HK can 'stand up to Shenzhen's challenge'
Updated: 2015-06-17 08:54
By Sophie He in Hong Kong(HK Edition)
Hong Kong is still an ideal place to start technology firms although Shenzhen and other major mainland cities have been luring young entrepreneurs to start businesses there, says Mark Clift, chief operating officer of Hong Kong Cyberport Management Co Ltd (HKCMC).
The SAR is extremely competitive in terms of attracting tech companies, but chief executives of overseas tech enterprises would still pick Hong Kong when they come to Asia and, for startups, the city has a business-friendly environment with a simple and easy-to-understand tax regime, Clift told China Daily in an exclusive interview.
"Anybody can set up a 'cyber park' in any city, but that is only part of the story - it is only the hard infrastructure," he said, adding that Hong Kong boasts a business-friendly environment and an international regime that enable people of all nationalities to settle down and feel comfortable doing business here.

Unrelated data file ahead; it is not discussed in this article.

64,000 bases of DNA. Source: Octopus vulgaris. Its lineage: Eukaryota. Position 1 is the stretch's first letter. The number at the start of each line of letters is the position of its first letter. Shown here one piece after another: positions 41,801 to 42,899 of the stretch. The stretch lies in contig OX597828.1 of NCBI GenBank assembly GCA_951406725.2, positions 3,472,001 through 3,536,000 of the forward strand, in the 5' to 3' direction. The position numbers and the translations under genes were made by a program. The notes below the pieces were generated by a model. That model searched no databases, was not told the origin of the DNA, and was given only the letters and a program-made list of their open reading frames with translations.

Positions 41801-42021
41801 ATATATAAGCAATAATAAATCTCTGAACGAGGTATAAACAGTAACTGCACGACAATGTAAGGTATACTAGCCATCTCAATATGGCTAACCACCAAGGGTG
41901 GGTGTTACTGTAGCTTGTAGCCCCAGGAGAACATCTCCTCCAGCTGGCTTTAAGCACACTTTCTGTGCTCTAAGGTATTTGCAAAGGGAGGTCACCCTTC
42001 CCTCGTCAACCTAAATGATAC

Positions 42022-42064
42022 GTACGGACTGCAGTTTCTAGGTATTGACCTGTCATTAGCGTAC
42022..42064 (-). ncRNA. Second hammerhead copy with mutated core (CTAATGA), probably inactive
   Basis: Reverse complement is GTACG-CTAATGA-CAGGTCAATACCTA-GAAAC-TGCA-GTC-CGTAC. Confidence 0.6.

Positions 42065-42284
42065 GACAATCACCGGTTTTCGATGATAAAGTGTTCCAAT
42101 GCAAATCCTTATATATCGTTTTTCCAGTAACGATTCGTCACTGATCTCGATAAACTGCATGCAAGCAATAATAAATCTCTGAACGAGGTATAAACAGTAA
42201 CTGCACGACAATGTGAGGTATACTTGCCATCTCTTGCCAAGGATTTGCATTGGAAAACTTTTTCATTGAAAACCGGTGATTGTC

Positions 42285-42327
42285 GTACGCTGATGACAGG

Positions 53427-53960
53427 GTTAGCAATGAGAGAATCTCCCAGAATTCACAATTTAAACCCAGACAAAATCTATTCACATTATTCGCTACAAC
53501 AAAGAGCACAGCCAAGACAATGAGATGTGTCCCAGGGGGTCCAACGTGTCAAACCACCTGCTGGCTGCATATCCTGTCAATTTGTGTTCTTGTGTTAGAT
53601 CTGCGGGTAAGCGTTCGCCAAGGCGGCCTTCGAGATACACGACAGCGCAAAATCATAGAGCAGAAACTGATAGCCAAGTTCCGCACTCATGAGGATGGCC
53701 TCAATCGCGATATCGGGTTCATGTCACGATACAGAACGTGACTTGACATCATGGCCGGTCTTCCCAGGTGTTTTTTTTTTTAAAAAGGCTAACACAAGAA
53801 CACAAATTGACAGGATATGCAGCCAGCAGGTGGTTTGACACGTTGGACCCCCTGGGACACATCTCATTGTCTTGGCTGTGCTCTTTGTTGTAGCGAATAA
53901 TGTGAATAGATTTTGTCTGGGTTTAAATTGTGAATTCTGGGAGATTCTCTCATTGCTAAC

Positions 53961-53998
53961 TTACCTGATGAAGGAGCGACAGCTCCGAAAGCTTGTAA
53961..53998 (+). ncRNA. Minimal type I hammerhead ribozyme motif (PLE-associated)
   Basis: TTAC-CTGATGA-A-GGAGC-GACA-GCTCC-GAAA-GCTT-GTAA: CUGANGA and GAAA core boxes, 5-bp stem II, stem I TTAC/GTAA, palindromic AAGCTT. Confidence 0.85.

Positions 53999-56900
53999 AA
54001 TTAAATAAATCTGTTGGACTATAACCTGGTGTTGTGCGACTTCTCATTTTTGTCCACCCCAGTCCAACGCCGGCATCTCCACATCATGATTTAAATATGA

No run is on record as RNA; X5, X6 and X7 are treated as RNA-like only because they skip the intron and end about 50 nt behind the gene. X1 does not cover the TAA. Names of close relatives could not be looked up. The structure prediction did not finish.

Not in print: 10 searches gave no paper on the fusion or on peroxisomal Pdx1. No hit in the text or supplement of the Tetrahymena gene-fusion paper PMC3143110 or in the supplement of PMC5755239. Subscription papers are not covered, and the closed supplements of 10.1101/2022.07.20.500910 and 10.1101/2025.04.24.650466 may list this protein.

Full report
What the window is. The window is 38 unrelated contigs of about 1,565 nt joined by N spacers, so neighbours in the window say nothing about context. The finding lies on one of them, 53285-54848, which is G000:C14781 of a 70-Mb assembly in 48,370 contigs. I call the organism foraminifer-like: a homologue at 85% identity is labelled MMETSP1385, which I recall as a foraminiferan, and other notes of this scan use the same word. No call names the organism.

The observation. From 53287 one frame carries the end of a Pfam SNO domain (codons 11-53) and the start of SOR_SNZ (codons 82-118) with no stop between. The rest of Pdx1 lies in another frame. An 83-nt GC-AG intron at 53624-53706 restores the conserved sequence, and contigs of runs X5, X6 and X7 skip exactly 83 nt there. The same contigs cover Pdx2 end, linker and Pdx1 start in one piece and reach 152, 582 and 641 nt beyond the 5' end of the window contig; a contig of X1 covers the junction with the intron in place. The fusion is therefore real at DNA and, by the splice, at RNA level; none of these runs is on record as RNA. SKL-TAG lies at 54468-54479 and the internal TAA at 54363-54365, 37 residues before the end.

Besides, Hong Kong is also labor friendly, which means it's very easy to move people or capital in and out of the city whenever startups need to expand to the mainland or Southeast Asia.
HKCMC owns Cyberport - the home to 320 technology and digital companies, including 200 startups in Hong Kong, and is wholly owned by the SAR government.
Cyberport has an important role to play in facilitating technology startups, Clift stressed, and it has been encouraging young tech entrepreneurs to start businesses by launching incubating projects and providing facilities at affordable costs.
"For example, we opened our first smart space in 2009. It was probably the first co-working space in the city and now we have 35 smart spaces with more than 200 tech startups using them," he said.
Cyberport also runs a Creative Micro Fund program that grants a HK$100,000 seed fund to high-potential, creative and innovative startup projects or business concepts in ICT (information and communications technology)-related areas to encourage innovation and creativity.
According to Clift, the major challenge facing Hong Kong startups is that despite the city's status as an international financial center, budding businesses often find it hard to secure funding.
"Investors are looking for opportunities in Hong Kong all the time, and the challenge is to get them to look into our startups."
But he believes that with the support of the government and local communities, as well as the passion and can-do spirit of young entrepreneurs, startups will have a bright future.
(HK Edition 06/17/2015 page10)